Calvin Paris sat and contemplated the man blowing cigar smoke into his face.
“Didn't take you for a book reader,” he said, looking around the empty library. His eyes came back to Harold Maine. “Didn't take you for much of anything, truth be told.”
Maine laughed, or grunted, and the space between the two men blossomed with halitosis. “The truth will be told,” Harold smiled. “You can bank on that. But you know what to do, don't you, if you'd rather keep the truth to yourself.”
Paris scoffed. “What truth?”
Maine was silent, but his eyes glittered. Paris had had enough. “You need to stop calling me,” he demanded. “It’s pathetic. You’re a grubby, greedy little parasite. A useless, washed up never-has-been… We’re done here.”
He stood to get up, but Maine gestured him to stop. “So,” he smiled. “How do you like being gay?”
Paris remained seated. “What?”
“Am I wrong?”
“I don't know what you're talking about.”
“Yeah you do,” Maine countered. “I know, believe me I know. You're gay. Have been for about six-seven weeks? Almost overnight? Straight for fifty-odd years, and then one day you wake up and voilà! You're thinking interior design and fake tan. Lost your faith round about the same time too? But you still go to church like a good, straight Texan boy…” Maine let the revelation sink in; one, two, three, four, five. “…Am I wrong?”
Paris did not answer.
“Good,” said Maine. “Now don't you worry none. I'm an equal opportunities blackmailer; treat stags and fags the same.”
Paris’ gaze fell to the floor. “I hope you don't expect me to confirm your allegations,” he sighed. “I have nothing to say to you.”
“Suits me,” said Maine. “I don't want a conver-fucking-sation about Will and Grace and clutch bags.”
“So what do you want?”
Maine shrugged. “I don't know yet,” he admitted. “Money, I guess. I don't know. I'm going to have to get back to you on that.”
“I'm not confirming your accusations,” Paris said. “But I'd like to know where your information comes from.”
“Oh, friends of friends,” Maine said. “I have my sources.”
“I don't know how you got my number, or my name, or my address, but I can find out,” said Paris. “I have my sources too.”
Maine clapped his hands, his face beaming. “Oh yeah - your daughter, right? Works for some secret organisation? CIA or some shit like that? Let's not get her involved in this grubby, greedy little situation. Or your wife, for that matter. Don't want to push her off the wagon, do we? Not when she's come so far.”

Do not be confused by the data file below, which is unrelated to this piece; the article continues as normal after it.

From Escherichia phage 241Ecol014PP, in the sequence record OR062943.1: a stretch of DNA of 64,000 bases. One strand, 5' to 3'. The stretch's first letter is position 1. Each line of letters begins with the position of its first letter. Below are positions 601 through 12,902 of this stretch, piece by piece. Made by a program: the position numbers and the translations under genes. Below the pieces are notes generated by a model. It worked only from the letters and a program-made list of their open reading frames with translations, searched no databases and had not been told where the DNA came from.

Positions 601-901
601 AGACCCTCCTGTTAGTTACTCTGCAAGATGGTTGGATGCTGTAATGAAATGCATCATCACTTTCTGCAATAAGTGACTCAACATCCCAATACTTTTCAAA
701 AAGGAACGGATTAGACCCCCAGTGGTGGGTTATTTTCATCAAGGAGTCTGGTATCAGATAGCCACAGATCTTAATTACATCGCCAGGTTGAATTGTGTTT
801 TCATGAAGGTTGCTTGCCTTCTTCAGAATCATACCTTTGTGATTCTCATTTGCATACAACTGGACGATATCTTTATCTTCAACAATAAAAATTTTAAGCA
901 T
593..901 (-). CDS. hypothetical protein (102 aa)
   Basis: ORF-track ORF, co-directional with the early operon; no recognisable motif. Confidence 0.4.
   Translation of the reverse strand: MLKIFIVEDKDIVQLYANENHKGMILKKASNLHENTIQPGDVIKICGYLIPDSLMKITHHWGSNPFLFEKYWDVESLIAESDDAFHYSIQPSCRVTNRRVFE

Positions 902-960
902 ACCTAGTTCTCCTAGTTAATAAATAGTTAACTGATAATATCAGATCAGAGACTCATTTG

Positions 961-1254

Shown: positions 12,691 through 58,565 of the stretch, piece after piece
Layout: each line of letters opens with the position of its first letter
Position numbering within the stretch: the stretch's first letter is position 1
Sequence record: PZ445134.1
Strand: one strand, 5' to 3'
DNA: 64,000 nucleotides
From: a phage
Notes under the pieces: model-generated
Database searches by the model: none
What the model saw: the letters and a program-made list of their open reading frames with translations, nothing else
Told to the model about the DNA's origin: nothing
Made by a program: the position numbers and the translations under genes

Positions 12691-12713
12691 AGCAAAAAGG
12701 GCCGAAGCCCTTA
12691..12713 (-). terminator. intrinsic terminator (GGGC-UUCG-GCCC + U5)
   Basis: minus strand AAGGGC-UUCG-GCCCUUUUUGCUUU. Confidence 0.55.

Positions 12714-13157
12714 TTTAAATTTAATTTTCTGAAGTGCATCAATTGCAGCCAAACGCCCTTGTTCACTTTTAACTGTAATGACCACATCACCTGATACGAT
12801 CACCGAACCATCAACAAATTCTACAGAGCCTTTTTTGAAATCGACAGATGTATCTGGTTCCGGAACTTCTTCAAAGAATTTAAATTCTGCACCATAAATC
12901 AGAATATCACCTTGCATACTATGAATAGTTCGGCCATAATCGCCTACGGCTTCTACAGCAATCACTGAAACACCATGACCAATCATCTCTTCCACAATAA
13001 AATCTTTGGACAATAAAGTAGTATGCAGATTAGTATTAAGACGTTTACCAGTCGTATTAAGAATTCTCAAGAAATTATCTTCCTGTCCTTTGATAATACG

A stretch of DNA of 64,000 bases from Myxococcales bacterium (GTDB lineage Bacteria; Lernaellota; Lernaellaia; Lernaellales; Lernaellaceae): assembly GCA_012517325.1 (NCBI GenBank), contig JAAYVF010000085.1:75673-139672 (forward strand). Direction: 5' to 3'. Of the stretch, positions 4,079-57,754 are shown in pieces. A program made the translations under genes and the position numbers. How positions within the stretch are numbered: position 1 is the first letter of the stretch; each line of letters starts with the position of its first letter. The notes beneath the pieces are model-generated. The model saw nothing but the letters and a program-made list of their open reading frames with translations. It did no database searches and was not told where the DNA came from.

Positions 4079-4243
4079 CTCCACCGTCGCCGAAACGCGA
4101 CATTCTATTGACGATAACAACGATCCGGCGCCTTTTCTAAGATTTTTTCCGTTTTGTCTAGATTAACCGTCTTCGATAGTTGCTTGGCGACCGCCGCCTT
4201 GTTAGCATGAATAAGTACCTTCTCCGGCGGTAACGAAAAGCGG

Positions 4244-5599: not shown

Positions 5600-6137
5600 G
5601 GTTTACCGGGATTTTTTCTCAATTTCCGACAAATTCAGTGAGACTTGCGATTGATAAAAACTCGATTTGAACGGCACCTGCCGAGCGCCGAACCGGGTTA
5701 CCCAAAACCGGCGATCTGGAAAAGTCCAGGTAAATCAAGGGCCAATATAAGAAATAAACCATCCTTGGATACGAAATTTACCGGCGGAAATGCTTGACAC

“Christ,” Paris whispered, trying to massage an oncoming tension headache away at source. “How do you know all this?”
Harold Maine leaned back and smiled, and his foetid cigar-smoke breath rolled over Paris like fog.
“Contacts,” he said, and he relished the word like cold beer on a hot day. “Contacts.”
° ° ° ° °
Calvin Paris walked out of the library and into the back of a black, brand new limousine. The driver pulled off slowly, integrating with the traffic heading south, and he did not look at Paris, or speak to him, or attempt to interact with him in any way.
Finally, out of public view, Paris allowed himself to sink back into the luxurious leather upholstery and poured himself a drink. The headache was here to stay; no point thinking otherwise. No point trying to avert it, or handle it, or deny it. Just have to contain it, he thought. Limit the damage as best he could.
He'd been incredibly stupid, he realised. He had found himself in a hotel room with another man. No; he had found himself in bed in a hotel room with another man, and - lacking anyone else to confide in, least of all a God he no longer believed in - he had told his new lover everything. How he'd been heterosexual all his life, how he had betrayed his long-suffering wife, how the taste of another man’s sex was so much more satisfying than her’s. Dear Christ, he'd been stupid. He gulped the whisky in one; it burned as it went down, spreading outwards on its way. He poured another.
Harold Maine must have known about the hotel encounter. He must have known about Johnathon. How? Didn't matter. He knew; J had told him - how else would Maine have known about his overnight change from straight to gay? Or his fall from faith?
He looked out of the window at the ambling, aimless folk on the sidewalks. Caught a glimpse of a pretty young thing, then saw her stunted arms and shook his head. “The world’s gone mad,” he said to himself, and withdrew his cellphone from his jacket. He took a large swig of whisky, waited for its fire to turn to velvet, then dialled his daughter's number.
“Carol? We need to talk.”
And the black, brand new limousine rolled on, and the driver was silent.